Letters From Jackie Kennedy Provide Telling Insight Into Mind Of JFK’s Wife
NEW YORK (CBSNewYork) — Revealing letters written by Jackie Kennedy are providing a deeper look into her marriage with the former president.
As CBS 2’s Alice Gainer reported, the letters were written to an Irish Catholic priest and began when Jackie was just 21 years old.
The correspondence is being called an unpublished autobiography, and went on for more than a decade.
The first letters were written on Jacqueline Bouvier stationary dating back to 1950. They were addressed to Father Joseph Leonard, an Irish priest she met prior to her marriage to John F. Kennedy.
In them, she wrote about falling in love with a young, ambitious politician.
Of the relationship, she said it provided her with an “amazing insight on politicians — they really are a breed apart.”
“This is a great window into her soul as a human being and the struggles she had and the triumphs she had with her husband,” said historian Douglas Brinkley.
Historians suggest the letters showcase the doubts Jackie had from the beginning of the marriage.
She wrote “Maybe I’m just dazzled and picture myself in a glittering world of crowned heads and men of destiny — and not just a sad little housewife.”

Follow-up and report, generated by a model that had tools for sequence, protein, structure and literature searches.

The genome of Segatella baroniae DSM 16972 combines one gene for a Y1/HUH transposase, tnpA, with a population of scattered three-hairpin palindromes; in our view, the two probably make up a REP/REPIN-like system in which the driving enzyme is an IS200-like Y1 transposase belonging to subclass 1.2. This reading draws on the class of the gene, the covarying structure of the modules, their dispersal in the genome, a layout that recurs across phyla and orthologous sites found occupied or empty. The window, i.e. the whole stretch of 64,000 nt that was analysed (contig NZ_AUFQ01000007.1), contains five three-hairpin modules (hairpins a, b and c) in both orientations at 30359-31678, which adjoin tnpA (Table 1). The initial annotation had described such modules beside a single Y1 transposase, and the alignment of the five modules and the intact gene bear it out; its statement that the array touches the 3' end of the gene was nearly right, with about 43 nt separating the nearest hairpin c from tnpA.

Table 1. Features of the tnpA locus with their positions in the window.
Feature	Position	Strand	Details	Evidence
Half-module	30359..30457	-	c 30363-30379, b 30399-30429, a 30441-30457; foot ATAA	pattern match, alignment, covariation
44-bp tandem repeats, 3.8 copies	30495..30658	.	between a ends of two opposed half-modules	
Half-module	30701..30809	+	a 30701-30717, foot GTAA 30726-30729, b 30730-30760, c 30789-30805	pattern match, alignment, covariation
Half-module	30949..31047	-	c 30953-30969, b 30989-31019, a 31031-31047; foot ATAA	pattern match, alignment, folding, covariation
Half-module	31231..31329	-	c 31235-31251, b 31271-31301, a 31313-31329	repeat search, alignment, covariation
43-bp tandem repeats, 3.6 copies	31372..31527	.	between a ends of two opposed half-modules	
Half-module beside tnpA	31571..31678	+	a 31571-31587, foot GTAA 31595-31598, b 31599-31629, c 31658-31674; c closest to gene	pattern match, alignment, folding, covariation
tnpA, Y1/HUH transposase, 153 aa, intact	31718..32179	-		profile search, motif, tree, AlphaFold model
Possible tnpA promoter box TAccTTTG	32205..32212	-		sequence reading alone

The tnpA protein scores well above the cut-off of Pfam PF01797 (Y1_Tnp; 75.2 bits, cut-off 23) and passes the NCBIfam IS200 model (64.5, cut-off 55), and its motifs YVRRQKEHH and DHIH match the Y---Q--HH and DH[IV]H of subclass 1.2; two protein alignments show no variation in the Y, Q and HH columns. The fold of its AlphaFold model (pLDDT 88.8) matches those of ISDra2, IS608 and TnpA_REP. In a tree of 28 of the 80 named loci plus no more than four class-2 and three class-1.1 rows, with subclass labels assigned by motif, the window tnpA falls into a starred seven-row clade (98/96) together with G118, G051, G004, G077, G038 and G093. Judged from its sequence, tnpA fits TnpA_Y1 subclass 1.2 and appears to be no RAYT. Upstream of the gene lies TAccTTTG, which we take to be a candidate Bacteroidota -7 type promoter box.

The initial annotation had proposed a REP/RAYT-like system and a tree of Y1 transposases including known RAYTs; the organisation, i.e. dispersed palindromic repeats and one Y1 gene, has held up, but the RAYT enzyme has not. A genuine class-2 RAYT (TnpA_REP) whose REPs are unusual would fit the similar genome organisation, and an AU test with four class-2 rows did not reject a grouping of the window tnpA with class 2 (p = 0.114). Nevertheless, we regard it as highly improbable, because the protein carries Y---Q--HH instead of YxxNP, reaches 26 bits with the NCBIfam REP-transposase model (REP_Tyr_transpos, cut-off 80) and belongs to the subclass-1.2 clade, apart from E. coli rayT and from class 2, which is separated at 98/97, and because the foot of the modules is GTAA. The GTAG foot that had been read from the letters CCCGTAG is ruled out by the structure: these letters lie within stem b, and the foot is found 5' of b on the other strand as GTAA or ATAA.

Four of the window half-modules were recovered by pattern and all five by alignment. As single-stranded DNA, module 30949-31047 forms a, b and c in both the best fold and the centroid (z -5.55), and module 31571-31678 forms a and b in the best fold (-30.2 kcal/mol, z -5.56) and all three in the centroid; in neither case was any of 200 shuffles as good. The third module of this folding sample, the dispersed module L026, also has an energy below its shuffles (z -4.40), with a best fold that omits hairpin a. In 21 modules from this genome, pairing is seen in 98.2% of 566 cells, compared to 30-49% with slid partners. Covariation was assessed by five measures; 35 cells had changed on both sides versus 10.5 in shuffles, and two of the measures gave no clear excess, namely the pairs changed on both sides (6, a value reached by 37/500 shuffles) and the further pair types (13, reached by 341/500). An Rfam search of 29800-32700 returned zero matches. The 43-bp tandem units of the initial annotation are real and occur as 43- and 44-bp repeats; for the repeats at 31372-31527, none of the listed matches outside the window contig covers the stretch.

She also talked about JFK’s roving eye, something she knew about before the marriage and something she saw in her own father.
“I think the most important quote that has thus far surfaced from this batch of letters is Jackie Kennedy connecting her husband to her father, saying both of them had a sense of enjoying the chase in life, particularly with women, but didn’t have the stability and she saw that that was destroying in many ways her mother and she feared the same fate in life,” Brinkley said.
After the president’s assassination, Jackie wrote of more doubt. This time concerning her faith.
God, she wrote, will have “a bit of explaining to do to me if I ever see Him.”
“The excerpts of the letters really point to a loneliness which is one of the great diseases of America. It’s particularly a disease of a Washington, D.C. power wife,” Brinkley said.
The letters were written over a period of 14 years and stopped when Father Leonard died in 1964.
They will be put up for auction next month in Ireland. The auction house said in total there are 31 signed letters, some printed on White House stationary.
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